Persistent itchiness and itchy breasts that are accompanied by nipple discharge or a breast lump or lumps should be taken seriously and assessed by your doctor.

When to see your doctor

If you have any of the breast problems discussed above, a visit to your doctor is recommended.

You should see your doctor about:

  • new lumps
  • new lumpiness
  • changes in the shape of your breast
  • changes in the colour of your breast
  • changes in the nipple
  • discharge from your nipple
  • puckering or dimpling of breast skin
  • any persistent breast pain
  • any persistent nipple or breast itching or rash.

References

  1. www.aafp.org/afp/2000/0415/p2371.html

  2. www.betterhealth.vic.gov.au/health/conditionsandtreatments/breast-conditions-other-than-breast-cancer

  3. www.phaa.com/itchy-breasts-causes-treatment-and-prevention.htm

  4. https://patient.info/health/feeding-your-baby/mastitis-and-breast-abscess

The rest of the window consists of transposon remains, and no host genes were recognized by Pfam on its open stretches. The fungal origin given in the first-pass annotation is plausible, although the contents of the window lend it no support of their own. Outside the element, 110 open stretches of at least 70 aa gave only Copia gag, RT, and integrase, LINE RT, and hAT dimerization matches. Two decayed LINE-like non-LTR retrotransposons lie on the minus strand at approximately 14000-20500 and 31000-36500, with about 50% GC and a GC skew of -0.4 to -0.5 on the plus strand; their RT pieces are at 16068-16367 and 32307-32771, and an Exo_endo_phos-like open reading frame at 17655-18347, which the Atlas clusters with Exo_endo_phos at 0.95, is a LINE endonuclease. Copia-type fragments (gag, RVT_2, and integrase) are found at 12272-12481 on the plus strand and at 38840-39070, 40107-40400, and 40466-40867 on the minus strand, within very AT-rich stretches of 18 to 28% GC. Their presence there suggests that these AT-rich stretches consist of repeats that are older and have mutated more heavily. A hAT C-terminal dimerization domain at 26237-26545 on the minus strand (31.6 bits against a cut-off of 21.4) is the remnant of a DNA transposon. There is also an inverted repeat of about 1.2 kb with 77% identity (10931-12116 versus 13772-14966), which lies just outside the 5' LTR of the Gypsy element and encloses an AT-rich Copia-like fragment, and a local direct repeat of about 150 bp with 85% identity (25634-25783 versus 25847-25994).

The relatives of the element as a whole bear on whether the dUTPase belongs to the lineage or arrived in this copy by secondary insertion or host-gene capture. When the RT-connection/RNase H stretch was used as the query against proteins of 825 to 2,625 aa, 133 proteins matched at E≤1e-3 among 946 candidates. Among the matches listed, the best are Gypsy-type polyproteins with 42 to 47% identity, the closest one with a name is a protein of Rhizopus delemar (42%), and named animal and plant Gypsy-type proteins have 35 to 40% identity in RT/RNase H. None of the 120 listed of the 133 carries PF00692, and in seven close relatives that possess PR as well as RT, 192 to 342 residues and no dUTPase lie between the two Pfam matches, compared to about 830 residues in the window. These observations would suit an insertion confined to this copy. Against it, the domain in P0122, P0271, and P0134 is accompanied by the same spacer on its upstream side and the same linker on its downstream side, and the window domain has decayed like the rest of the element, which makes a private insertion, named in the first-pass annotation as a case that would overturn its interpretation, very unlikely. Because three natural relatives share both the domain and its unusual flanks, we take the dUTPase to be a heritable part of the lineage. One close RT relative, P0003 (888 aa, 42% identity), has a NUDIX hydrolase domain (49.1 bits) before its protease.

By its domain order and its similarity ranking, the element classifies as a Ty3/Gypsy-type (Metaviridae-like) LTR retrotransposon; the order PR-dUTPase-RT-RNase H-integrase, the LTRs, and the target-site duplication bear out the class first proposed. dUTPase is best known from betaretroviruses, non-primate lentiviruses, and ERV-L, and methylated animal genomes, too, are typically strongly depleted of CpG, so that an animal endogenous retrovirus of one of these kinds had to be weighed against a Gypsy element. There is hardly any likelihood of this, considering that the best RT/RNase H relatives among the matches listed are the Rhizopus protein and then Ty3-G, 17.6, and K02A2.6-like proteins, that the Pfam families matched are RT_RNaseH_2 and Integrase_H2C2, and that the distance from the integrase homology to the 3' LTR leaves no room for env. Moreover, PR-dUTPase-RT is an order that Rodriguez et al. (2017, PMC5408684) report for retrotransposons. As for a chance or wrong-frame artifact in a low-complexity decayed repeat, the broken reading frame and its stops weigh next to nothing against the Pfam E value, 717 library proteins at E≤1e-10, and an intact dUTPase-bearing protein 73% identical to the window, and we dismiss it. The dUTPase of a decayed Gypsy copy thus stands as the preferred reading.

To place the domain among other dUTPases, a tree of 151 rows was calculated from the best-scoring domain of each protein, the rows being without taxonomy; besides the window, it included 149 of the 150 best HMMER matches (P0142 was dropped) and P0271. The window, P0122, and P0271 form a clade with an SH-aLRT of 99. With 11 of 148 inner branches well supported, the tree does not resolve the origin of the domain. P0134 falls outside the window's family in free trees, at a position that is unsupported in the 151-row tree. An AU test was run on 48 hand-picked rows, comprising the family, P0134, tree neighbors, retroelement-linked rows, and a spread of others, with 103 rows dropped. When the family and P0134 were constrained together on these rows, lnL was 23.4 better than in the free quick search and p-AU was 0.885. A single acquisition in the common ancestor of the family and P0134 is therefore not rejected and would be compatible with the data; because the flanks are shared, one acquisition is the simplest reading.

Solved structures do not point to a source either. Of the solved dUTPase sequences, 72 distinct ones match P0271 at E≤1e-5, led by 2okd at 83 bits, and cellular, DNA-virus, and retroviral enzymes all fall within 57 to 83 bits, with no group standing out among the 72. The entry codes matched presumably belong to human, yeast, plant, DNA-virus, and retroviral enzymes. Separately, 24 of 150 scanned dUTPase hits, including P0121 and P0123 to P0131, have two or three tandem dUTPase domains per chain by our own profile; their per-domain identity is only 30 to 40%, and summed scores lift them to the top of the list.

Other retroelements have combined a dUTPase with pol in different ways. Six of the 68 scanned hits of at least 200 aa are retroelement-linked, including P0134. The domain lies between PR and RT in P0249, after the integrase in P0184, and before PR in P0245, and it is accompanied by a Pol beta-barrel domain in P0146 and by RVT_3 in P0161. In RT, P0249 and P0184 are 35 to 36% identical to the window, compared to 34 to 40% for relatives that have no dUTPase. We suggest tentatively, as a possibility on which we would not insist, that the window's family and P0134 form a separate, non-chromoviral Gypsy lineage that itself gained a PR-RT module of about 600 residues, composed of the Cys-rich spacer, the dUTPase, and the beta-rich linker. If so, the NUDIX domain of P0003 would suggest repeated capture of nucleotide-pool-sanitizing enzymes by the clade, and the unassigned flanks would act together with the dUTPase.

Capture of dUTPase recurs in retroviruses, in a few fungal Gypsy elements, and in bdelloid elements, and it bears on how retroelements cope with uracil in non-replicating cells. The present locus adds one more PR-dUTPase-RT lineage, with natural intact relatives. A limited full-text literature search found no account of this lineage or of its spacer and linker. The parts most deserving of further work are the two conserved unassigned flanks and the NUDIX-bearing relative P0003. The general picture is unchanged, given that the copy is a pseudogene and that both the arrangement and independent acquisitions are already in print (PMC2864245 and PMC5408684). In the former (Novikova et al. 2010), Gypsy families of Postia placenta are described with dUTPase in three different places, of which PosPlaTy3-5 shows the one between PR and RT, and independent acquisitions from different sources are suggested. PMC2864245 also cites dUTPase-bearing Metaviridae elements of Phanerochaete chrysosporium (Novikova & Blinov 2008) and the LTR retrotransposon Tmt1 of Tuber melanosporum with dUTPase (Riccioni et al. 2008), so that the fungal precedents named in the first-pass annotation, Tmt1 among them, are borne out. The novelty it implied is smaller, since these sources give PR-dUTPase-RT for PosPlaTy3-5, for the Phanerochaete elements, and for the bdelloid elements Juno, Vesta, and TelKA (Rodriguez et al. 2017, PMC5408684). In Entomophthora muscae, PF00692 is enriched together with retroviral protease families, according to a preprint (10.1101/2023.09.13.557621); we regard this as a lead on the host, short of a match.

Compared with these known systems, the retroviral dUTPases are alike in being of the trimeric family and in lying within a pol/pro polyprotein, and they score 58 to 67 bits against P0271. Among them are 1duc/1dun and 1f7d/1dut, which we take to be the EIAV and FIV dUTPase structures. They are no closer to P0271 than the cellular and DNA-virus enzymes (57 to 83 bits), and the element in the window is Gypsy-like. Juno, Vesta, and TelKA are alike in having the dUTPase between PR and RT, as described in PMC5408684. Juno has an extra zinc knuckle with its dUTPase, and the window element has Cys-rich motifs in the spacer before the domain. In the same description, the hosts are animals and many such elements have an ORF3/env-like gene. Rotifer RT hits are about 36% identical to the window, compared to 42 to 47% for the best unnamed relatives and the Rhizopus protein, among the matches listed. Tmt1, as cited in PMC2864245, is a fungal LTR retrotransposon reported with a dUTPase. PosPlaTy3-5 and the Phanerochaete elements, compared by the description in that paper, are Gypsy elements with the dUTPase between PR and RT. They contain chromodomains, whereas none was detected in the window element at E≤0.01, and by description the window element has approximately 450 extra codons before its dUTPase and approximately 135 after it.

Last updated 01 November 2018 — Last reviewed 30 October 2018

This web page is designed to be informative and educational. It is not intended to provide specific medical advice or replace advice from your health practitioner. The information above is based on current medical knowledge, evidence and practice as at October 2018.

Free Jean Hailes Magazine
JH Magazine - subscribe

Published twice a year, the Jean Hailes Magazine features up to date women's health information that is easy to understand, expertly written and evidence based.

Free women's health email updates
Consumer email update - subscribe

Stay up to date with the latest women’s health related research, information, events and resources every month.

Subscribe To our newsletters